The Madoff Case Gets Personal

Although it was not invoked by name, noscitur a sociis resurfaced this month.  The plaintiff in Kostin was a victim of Bernie Madoff’s notorious Ponzi scheme.  Her late husband had established a family partnership, which maintained an account with Bernard L. Madoff Investment Securities, LLC (“BLMIS”).  In 2007 and 2008, the plaintiff made withdrawals from the account, in a total amount of $3.75 million.  After the fraud was uncovered, the bankruptcy trustee for BLMIS brought an action against the plaintiff—who had already lost the remainder of her family’s investment—to recover the amount of the withdrawals. 

Because the BLMIS account was part of a pyramid scheme in which the contributions of new investors were used to create “fictitious profits,” the trustee maintained that the withdrawals represented “other people’s money,” and that BLMIS had executed them simply “to avoid detection of the fraud, to retain existing investors, and to lure other investors into the … scheme.” On that basis, he alleged that the payments to the family partnership could be avoided as fraudulent conveyances, and that they could be recovered from the plaintiff in Kostin, a subsequent transferee, under Sections 548 and 550 of the Bankruptcy Code.  The trustee did not allege that the plaintiff had known about the fraudulent nature of the withdrawals, or that she had participated in the scheme in any other way.  His suit against the plaintiff was based solely on wrongful acts committed by Madoff.

The plaintiff tendered the trustee’s action to the issuers of her homeowners and excess insurance policies. The homeowners policy covered claims for damages that the policyholder became “legally obligated to pay for personal injury or property damage.”  The plaintiff’s provocative theory was that the trustee’s suit to avoid a conveyance under bankruptcy law was a claim based on personal injury

The policy defined “personal injury” to include:

bodily injury; shock, mental anguish, or mental injury; false arrest, false imprisonment, or wrongful detention; wrongful entry or eviction; malicious prosecution or humiliation; and libel, slander, defamation of character, or invasion of privacy.

The plaintiff contended that the trustee had sought damages for “wrongful entry,” in two different senses.

First, she cited Black’s Law Dictionary, which defines “entry” as an “item written in a record; a notation.”  The trustee’s action, plaintiff observed, arose out of Madoff’s “wrongfully writing … profits … that were fictitious” in the records of the plaintiff’s account.  Since the policy itself did not define the term “entry,” plaintiff maintained that this fact would, at a minimum, establish that the policy was ambiguous.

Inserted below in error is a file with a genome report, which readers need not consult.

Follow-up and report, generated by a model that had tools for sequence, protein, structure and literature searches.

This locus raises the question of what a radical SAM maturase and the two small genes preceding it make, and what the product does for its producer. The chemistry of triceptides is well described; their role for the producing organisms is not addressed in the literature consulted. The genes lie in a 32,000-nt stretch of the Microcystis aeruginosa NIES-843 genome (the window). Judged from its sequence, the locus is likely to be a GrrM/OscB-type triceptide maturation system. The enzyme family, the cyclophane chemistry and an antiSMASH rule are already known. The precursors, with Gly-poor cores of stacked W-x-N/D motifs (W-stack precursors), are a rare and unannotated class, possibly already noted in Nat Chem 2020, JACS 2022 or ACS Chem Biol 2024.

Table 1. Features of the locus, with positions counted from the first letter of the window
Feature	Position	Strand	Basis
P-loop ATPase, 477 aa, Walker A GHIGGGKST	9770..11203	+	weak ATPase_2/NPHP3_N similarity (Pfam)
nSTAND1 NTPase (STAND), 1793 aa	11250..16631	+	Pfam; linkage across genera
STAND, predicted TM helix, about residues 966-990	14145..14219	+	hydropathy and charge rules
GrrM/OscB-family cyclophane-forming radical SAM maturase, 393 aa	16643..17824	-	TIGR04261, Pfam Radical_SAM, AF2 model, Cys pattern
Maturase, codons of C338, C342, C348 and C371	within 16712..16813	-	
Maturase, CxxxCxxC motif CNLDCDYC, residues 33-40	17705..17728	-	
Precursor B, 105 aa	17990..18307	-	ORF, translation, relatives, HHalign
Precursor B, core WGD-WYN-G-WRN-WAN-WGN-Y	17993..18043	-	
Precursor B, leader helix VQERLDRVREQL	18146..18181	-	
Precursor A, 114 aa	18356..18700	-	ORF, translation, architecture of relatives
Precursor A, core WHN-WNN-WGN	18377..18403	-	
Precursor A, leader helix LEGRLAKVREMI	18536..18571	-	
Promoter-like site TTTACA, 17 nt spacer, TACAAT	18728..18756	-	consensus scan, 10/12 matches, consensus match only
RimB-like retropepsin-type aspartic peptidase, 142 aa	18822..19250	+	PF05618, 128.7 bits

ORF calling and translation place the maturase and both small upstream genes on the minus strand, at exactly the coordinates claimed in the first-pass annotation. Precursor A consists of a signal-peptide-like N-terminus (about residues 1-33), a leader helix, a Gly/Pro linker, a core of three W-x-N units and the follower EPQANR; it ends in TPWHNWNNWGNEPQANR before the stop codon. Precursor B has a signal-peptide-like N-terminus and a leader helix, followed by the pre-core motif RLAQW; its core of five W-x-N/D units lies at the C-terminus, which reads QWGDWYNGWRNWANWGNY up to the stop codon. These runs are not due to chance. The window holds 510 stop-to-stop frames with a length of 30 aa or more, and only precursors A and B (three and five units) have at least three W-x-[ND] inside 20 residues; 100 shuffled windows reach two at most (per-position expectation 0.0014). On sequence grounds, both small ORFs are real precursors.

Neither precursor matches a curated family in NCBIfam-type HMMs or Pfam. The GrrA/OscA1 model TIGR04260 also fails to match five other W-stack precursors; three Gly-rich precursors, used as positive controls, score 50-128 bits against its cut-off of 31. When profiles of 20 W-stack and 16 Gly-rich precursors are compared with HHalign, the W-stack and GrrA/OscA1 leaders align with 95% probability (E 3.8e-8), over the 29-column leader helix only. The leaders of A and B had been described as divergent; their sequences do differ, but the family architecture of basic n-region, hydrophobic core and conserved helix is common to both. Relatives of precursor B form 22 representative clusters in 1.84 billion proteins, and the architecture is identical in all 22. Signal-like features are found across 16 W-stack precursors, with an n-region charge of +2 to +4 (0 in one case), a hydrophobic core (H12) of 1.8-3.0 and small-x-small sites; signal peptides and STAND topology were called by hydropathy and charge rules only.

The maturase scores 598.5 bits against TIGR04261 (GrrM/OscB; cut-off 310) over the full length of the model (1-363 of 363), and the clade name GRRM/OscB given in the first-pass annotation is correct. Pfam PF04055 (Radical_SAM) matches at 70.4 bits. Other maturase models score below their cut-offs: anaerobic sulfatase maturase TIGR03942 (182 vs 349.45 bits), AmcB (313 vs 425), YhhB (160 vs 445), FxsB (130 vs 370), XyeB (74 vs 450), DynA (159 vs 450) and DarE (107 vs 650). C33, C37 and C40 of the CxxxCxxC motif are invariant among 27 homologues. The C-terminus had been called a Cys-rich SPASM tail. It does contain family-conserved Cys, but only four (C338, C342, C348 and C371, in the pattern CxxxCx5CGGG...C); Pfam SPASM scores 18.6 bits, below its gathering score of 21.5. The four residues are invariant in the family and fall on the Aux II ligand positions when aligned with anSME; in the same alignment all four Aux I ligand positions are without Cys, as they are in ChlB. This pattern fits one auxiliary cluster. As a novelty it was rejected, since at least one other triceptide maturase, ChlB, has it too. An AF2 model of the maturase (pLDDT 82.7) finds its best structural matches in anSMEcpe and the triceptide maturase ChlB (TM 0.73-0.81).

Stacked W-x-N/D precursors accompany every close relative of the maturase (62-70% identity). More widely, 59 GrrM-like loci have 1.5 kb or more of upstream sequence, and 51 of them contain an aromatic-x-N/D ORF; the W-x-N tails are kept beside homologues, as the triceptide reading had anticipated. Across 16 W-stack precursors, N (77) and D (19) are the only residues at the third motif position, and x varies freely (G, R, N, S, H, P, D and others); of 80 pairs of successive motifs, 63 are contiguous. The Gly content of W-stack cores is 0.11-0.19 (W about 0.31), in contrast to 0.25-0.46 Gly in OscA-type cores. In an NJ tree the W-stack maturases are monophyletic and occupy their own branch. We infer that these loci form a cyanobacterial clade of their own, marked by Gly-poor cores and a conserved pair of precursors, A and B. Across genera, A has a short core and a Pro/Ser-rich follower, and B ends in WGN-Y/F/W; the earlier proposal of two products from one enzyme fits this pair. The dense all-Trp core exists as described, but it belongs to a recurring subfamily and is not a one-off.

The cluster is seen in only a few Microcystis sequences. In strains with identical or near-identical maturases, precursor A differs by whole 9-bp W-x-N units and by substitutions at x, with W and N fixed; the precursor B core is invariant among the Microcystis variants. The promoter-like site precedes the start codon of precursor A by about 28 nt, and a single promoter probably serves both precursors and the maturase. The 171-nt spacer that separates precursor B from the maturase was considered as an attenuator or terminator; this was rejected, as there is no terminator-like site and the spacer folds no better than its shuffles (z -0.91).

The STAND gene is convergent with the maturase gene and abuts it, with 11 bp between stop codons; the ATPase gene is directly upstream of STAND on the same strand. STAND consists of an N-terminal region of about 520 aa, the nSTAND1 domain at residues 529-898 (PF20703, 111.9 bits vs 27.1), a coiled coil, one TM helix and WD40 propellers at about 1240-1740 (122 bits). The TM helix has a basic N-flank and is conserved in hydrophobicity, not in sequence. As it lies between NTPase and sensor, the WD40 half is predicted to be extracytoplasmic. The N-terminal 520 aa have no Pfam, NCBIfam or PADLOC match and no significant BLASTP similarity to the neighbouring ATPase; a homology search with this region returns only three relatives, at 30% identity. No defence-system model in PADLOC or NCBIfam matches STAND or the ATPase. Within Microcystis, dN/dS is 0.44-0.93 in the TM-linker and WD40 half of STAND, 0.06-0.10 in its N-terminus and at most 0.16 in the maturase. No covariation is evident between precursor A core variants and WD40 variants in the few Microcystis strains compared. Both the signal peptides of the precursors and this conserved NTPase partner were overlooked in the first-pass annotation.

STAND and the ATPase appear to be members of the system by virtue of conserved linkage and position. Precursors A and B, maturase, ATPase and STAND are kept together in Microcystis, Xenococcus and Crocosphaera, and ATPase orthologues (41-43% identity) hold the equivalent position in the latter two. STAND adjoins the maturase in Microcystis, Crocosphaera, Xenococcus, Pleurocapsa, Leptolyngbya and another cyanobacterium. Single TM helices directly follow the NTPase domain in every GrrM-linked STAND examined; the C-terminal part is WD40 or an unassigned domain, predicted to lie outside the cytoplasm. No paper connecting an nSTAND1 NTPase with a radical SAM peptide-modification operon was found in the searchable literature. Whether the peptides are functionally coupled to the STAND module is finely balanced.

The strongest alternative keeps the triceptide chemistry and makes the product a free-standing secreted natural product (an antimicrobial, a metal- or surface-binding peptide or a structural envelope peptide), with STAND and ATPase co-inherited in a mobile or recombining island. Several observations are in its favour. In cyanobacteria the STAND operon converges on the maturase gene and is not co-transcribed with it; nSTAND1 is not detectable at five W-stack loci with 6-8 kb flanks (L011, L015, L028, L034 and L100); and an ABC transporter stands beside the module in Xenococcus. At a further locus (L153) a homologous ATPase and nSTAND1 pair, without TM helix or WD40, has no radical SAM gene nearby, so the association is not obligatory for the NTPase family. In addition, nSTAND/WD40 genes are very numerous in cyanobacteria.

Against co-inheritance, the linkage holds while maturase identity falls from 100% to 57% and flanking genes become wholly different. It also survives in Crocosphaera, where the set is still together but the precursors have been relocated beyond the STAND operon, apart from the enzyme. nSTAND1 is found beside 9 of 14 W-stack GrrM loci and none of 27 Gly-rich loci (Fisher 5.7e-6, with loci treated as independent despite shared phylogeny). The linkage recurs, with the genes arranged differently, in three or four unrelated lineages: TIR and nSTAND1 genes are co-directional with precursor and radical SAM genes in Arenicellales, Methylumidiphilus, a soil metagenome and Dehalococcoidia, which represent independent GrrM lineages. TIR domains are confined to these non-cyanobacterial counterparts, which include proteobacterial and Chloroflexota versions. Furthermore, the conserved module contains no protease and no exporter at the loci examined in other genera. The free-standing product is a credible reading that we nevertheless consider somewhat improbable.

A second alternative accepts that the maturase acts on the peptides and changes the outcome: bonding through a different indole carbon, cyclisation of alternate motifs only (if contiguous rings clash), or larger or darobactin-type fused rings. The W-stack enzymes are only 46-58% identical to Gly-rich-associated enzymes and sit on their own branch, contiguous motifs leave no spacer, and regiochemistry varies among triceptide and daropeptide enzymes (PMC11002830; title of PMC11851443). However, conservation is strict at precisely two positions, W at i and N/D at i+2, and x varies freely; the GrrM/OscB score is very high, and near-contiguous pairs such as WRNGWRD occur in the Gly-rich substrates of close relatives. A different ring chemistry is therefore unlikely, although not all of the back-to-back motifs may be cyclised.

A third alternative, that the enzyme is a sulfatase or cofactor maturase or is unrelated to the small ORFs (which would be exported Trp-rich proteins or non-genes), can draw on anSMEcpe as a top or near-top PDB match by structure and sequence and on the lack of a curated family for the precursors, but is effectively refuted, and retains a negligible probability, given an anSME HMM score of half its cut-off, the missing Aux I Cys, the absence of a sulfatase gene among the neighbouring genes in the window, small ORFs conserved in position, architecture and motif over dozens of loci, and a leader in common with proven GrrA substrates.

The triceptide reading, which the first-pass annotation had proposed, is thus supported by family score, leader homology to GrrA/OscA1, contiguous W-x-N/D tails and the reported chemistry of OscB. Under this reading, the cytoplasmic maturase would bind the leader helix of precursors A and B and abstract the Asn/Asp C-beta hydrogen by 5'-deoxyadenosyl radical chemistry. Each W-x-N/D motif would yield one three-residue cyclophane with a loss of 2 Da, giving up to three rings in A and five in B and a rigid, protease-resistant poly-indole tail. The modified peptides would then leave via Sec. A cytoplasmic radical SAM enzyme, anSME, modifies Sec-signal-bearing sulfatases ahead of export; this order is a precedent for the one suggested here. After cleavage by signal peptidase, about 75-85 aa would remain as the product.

Additionally, the plaintiff argued that a “wrongful entry” need not involve a physical intrusion, and that Madoff had wrongfully “entered” or “intruded into” the plaintiff’s account, when he added other clients’ funds to it for the purpose of keeping his scheme in operation.

Restricted Entry

When construing a provision in an insurance policy, “it is appropriate to look to the dictionary definition of the term.” Buell Industries, Inc. v. Greater New York Mut. Ins. Co., 259 Conn. 527, 539 (2002).  But in Kostin, the court declined to apply the dictionary definition cited by the plaintiff.  It noted that the policy placed the word “entry” in the phrase, “wrongful entry or eviction,” and that this phrase appears in a list of covered injuries that were “grouped thematically around different types of torts and categories of harm.”

[I]n the context in which it appears, “wrongful entry” cannot be reasonably read to encompass any imaginable type of entry that is somehow wrongful. The phrase’s meaning is cabined, instead, to the range of meanings possible given that it is part of a disjunctive pair with the word “eviction” … .

Accordingly, the court found that “‘wrongful entry’ must be read to mean something akin to an unauthorized or tortious intrusion.”  Because the creation of a fraudulent accounting record does not, in itself, constitute such an intrusion, the plaintiff’s first argument was rejected.

The plaintiff’s second argument failed because of the underlying facts, rather than as a matter of contract interpretation. The court agreed with the premise of that argument—it found that the policy language could “encompass trespassory intrusions into non-real property.”  But the court also noted that Madoff’s “entry” into plaintiff’s account for the purpose of depositing funds would have been authorized by the terms of plaintiff’s agreement with BLMIS.  “[T]he ‘wrongful entry’ at issue here was not a tortious act of entering or intrusion but … a fraudulent act of making or entering a record.”

The insurer’s motion to dismiss the complaint was granted.

When Plain Won’t Do

“A court construing an insurance policy starts with the plain language of the policy, … and if that language is unambiguous, it governs.” Lombardi v. Universal N. Am. Ins. Co., 59 Conn. L. Rptr. 774 (Conn. Super. Ct. 2015).  Ambiguity can arise where a policy uses words that have multiple meanings, but also where a rule or concept can pertain to multiple, divergent circumstances.  That is, courts sometimes find a need to reject familiar and common understandings of policy language, even when that language consists of everyday words used in a commonplace way. Noscitur a sociis can protect parties from results that they never intended at the time of contracting.  It can also provide support for surprisingly broad pronouncements on policy.

[1] Full disclosure: Pullman & Comley LLC represented one of the insurers in Vanderbilt; the author did not participate in the case.